Civil Discourse: Reclaiming the Higher Ground

Even the most casual observer of the Jewish community over recent years will have noticed that we Jews seem to have a problem talking nicely to each other. Because this problem usually manifests itself publicly around thorny and contentious issues, it’s easy to read it as the inevitable result of the passions generated by the issues themselves, and not necessarily the people involved.

Well… maybe. If you’ve studied enough Talmud, you’ll surely know that our ancient sages did not always speak nicely to each other, though they preached it as a value. They were extremely solicitous of their personal honor and dignity, and they had a thoroughly contemporary concern with the issue of intellectual property. If you misappropriated someone else’s teaching and quoted it as your own, you would surely be called out on it.

As we move into the few remaining and very intense weeks of campaigning here in America, I am beginning to wonder whether or not this is a “Jewish problem,” or a “religious problem,” or maybe even an “American problem.” We are not the only ones who’ve got this disease.

As I observe it, more and more religious leaders are taking overtly public

positions on the presidential race. In the Jewish community, though there are many issues that concern us, it is Israel’s security and the Iranian threat that seems to be the great divider. But there are also deep divisions within the Christian community between the so-called “religious right” and more mainstream Christians on the traditional wedge issues of abortion rights, family values and so on. Just as recently as last Sunday, a number of Christian ministers decided to publicly challenge the Internal Revenue Service by delivering overtly political sermons in support of a particular candidate- a direct violation of the tax code regarding the church’s tax-exempt status. And there are surely rabbis who have, in ways both subtle and less subtle, made clear to their followers their feelings on who is the candidate of choice for America in this election — not to mention Israel’s upcoming election campaign.

With the candidates here in America hurling increasingly vitriolic accusations and insults against each other as the presidential race tightens, I am increasingly of the opinion that rather than representing some uniquely religious phenomenon, we of the various faith communities are simply mirroring the culture in which we live. We mirror it, and on so doing, we reinforce its own worst tendencies. We are hostile because the culture around us is hostile, and we are so acculturated that we behave and talk- in religious contexts- like the models that we see all around us.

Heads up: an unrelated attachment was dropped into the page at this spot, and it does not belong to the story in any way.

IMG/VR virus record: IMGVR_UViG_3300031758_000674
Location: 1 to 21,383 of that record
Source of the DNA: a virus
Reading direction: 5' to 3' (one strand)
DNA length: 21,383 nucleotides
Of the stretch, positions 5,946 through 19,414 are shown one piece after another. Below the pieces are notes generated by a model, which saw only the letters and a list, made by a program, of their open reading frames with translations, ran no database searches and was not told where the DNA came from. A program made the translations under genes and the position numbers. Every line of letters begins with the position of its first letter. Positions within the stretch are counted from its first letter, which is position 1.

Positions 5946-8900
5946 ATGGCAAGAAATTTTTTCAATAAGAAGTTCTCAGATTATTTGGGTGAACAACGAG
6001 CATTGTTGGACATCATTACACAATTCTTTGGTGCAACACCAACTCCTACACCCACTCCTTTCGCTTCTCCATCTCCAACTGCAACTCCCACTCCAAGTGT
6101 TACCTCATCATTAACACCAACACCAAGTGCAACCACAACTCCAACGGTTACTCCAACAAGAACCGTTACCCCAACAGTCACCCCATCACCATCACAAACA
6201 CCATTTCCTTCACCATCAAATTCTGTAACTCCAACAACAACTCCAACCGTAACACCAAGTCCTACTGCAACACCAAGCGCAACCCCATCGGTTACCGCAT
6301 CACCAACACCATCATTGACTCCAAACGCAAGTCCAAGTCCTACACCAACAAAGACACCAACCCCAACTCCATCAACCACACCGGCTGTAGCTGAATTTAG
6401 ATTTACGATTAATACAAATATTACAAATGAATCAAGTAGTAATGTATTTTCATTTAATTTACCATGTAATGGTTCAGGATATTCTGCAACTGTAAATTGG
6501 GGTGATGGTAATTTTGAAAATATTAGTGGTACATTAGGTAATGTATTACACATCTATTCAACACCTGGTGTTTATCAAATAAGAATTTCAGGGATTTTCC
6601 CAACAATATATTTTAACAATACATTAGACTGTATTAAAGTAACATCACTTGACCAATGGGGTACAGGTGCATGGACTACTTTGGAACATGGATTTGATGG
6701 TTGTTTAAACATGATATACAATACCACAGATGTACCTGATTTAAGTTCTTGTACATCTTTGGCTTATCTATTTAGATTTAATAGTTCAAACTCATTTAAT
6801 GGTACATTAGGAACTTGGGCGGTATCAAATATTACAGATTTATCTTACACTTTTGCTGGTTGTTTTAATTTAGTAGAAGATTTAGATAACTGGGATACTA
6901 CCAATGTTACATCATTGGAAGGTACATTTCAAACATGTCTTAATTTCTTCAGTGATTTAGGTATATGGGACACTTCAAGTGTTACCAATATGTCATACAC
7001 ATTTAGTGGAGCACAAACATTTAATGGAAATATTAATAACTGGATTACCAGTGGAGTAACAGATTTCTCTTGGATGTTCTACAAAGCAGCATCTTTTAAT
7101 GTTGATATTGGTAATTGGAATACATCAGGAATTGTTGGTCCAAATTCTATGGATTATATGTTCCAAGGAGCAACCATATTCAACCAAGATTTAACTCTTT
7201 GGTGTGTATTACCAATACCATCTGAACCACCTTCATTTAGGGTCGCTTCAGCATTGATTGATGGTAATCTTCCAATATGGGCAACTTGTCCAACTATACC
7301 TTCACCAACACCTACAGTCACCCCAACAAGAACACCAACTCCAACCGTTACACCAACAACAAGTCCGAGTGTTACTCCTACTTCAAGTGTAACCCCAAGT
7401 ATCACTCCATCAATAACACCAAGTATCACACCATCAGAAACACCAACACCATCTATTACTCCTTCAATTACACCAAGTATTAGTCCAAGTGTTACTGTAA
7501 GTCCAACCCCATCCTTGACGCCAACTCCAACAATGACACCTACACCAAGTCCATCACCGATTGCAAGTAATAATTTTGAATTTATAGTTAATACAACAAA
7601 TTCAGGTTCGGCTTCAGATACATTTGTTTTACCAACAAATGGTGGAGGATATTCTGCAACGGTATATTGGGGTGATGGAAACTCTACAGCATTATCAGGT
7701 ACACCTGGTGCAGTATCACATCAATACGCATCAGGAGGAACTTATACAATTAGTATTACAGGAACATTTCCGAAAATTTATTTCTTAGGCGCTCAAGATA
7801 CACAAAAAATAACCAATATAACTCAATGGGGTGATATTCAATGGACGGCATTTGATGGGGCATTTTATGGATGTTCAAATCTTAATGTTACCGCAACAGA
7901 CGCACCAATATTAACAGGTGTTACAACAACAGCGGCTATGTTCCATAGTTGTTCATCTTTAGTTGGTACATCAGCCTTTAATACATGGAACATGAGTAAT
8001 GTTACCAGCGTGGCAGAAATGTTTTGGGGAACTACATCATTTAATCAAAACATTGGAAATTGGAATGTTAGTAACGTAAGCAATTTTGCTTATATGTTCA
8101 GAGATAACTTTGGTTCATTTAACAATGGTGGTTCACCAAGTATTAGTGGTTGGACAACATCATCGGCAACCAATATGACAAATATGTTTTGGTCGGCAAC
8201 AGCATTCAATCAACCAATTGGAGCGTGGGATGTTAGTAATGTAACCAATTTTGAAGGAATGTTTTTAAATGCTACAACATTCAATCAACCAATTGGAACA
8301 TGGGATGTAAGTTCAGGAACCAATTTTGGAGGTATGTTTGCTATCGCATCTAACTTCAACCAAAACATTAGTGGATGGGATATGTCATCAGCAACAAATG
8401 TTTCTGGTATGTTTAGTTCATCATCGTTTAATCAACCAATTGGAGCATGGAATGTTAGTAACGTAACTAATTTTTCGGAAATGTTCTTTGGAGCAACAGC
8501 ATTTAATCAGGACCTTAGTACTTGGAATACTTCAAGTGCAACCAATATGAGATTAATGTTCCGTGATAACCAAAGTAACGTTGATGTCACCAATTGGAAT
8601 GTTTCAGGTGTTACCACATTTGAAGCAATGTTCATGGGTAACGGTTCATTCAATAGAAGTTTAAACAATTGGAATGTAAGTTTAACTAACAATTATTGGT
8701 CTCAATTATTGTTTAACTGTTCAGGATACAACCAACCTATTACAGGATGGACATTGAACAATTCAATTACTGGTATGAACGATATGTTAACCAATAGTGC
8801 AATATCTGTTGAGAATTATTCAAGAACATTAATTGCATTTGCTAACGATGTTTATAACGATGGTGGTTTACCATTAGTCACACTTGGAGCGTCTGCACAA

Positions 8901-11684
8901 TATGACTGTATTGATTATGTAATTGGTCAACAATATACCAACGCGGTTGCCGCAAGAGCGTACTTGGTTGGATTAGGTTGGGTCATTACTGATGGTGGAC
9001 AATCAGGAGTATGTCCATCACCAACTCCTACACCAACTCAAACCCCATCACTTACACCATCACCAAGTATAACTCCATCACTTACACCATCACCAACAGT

When I look at the community of radical Islam, it is clear where the incitement of the masses comes from. It comes from the imams, who far too regularly use their Friday sermons to whip the masses into a frenzy. It is the religious leaders who have hijacked Islam, from madrassa to minaret, and utilized their outsized influence to breed hatred of Israel and the west.

I am certainly not looking to draw any kind of moral equivalence between the hijacking of Islam by its radical clerics and the fact that Jewish and Christian religious leaders are becoming more overtly political in increasingly strident tones. They are them, and we are us, and we are not them.

But we are us… and that should be enough of an issue to concern us. We have little difficulty looking at the Muslim community and identifying certain teachers of Islam as a source of hatred. Are we that honest when we look in the mirror and see ourselves? Have we — perhaps unconsciously — allowed our religious tradition to be used as, if not a source of hatred, then at least a source of division, that objectifies those with whom we differ and sees them as “less than” in the eyes of God and man?

All religious leadership needs to be held accountable for that which is taught in its name, whether by imam, priest, minister or rabbi. In a culture such as our own, where the pervasive and often corrosive influence of big-money advertising is overwhelming, and the often-shrieking commentators of the twenty-four hour cable news networks assault our ears and brains, perhaps the very best role for religion is to be quite the opposite. If it is indeed true, as we sing in the synagogue, that d’racheha darchei no’am, v’chol netivoteha shalom– its ways are ways of pleasantness, and all its paths are peace — perhaps the most valuable role of religion in the marketplace of ideas is to provide balance and perspective, to talk people off the metaphorical ledge instead of pushing them over it.

Is it possible that that’s what Isaiah was thinking of when he challenged us to be or lagoyim– a light unto the nations?

At the very least, I would like to think that religion should be aiding in the cause of reclaiming the preeminent importance of civil discourse in our country, not contributing to its demise. It’s something to keep in mind in the difficult weeks ahead.

About the Author
Rabbi Gerald C. Skolnik is the Rabbi Emeritus of the Forest Hills Jewish Center in Queens.